No significant differences in baseline clinical characteristics were observed, including the mean age at the time of diagnosis, sex, total follow-up period, and mean symptom duration (P = 0.212, P = 0.531, P = 0.870, and P = 0.273, respectively). Twelve eyes (60.0%) with acute CSC did not develop a recurrence, and six eyes (30.0%) with acute CSC developed a recurrence (P = 0.055).
We also compared the ocular imaging characteristics between the eyes with and without recurrence in these patients. Serous PED was present in six (30.0%) of the eyes without recurrence, and in one (5.0%) of the eyes with a recurrence (P = 0.046). We also classified the eyes into relatively thin-choroid CSC (mean SFCT < 300.0 μm) and thick-choroid CSC (mean SFCT ≥ 300.0 μm), and the presence of thick-choroid CSC was higher in eyes with recurrence than in those without: 13 eyes (85.0%) vs. 10 eyes (50.0%), respectively (P = 0.020). A detailed comparison of the baseline characteristics of eyes with and without a recurrence is shown in Table 2.
Factors associated with recurrence after the intravitreal bevacizumab injections for central serous chorioretinopathy
We investigated the baseline factors that were significantly associated with recurrence after IVBIs for CSC. Among the various baseline characteristics, the presence of serous PED (B = -2.580, P = 0.032) and thick-choroid CSC (B = 1.980, P = 0.019) were significantly associated with recurrence after IVBIs in these patients (Table 3).
The patient had a history of CSC 11 years prior that resolved spontaneously. He also had a recent recurrence of CSC in both eyes for 4 months and was referred to our hospital due to persistent subretinal fluid (SRF) in the right eye. The best-corrected visual acuity (BCVA) was 0.1 logarithm of the minimum angle of resolution (logMAR) in the right eye. (A) Subretinal fluid (SRF) at fovea with photoreceptor ellipsoid zone blurring was noted. Hyper-reflective dots in SRF was also noted. (B) A single intravitreal bevacizumab injection (IVBI) led to complete resolution of SRF, but small retinal pigment epithelial detachment (PED) was noted. (C) After 11 months, CSC recurred showing profuse subretinal fluid, and two more IVBIs were performed to resolve the SRF (D). (E) SRF also developed in the left eye, and the BCVA was 0.1 logMAR at the time of recurrence. After the first IVBI, SRF resolved completely (F), however, SRF recurred after 1 month (G). (H) Two more IVBIs were needed in the left eye to resolve the SRF, and (I) CSC recurred after 18 months. (J) Two IVBIs were needed to resolve the SRF of the recurred CSC.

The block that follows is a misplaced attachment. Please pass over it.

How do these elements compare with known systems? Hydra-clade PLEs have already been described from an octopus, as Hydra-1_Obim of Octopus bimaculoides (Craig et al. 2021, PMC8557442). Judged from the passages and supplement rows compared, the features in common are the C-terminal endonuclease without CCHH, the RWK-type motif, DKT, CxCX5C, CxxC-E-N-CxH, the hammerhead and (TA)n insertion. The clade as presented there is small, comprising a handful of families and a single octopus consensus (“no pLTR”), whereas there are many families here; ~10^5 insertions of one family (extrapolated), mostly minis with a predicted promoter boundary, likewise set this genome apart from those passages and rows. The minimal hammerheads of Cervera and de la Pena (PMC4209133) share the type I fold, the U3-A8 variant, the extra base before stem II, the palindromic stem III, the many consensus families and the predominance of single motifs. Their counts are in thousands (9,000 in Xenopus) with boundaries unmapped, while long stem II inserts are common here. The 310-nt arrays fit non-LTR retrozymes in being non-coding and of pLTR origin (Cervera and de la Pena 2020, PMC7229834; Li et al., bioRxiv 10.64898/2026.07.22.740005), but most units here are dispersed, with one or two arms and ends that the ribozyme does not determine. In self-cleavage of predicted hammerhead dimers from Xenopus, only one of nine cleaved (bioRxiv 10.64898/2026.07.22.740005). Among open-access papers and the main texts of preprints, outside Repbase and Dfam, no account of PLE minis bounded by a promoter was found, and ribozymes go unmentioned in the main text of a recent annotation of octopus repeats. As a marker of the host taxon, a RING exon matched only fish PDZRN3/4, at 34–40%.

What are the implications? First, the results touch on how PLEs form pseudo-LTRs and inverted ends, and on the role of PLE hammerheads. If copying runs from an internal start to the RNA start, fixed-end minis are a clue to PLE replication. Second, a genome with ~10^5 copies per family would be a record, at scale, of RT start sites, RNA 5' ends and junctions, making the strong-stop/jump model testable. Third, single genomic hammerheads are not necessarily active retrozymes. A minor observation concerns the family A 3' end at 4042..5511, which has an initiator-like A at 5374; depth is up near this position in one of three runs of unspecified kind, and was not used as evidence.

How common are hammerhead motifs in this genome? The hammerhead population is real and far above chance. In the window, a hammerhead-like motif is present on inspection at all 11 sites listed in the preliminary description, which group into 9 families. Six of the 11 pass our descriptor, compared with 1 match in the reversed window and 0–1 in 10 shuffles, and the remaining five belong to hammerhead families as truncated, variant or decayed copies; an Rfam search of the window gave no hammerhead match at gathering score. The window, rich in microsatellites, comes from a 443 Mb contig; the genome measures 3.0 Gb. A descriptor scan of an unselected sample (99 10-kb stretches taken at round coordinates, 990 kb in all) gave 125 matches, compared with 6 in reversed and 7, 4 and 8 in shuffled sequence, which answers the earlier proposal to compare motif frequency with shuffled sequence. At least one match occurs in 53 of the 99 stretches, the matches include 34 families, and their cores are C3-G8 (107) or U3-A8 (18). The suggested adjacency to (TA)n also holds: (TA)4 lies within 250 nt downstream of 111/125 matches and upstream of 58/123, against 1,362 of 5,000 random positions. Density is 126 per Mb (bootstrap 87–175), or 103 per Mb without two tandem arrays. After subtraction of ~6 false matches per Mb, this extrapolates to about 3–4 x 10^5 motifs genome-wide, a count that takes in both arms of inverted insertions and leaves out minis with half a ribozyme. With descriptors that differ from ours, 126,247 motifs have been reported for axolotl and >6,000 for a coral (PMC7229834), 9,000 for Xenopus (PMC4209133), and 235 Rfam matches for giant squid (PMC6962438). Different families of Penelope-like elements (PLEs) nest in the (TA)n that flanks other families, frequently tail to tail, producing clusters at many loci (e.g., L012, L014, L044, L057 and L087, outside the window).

The subretinal fluid (SRF) in the right eye did not resolve after 3 months, and the patient was referred to our hospital. At the time of diagnosis, the best-corrected visual acuity (BCVA) was 0.2 logarithm of the minimum angle of resolution (logMAR) in the right eye. (A) Subretinal fluid (SRF) with retinal pigment epithelium humps and focal photoreceptor ellipsoid zone disruption was noted. Intravitreal bevacizumab injection (IVBI) was performed, but SRF was aggravated (B). Second IVBI also did not improve SRF (C), however, 3rd IVBI much improved SRF (D). Subsequent 4th (E), 5th (F), 6th (G) IVBI did not completely resolve SRF, but 7th IVBI led to complete resolution of SRF, and CSC did not recur for 15 months after last IVBI. The BCVA was 0.3 logMAR at the last visit.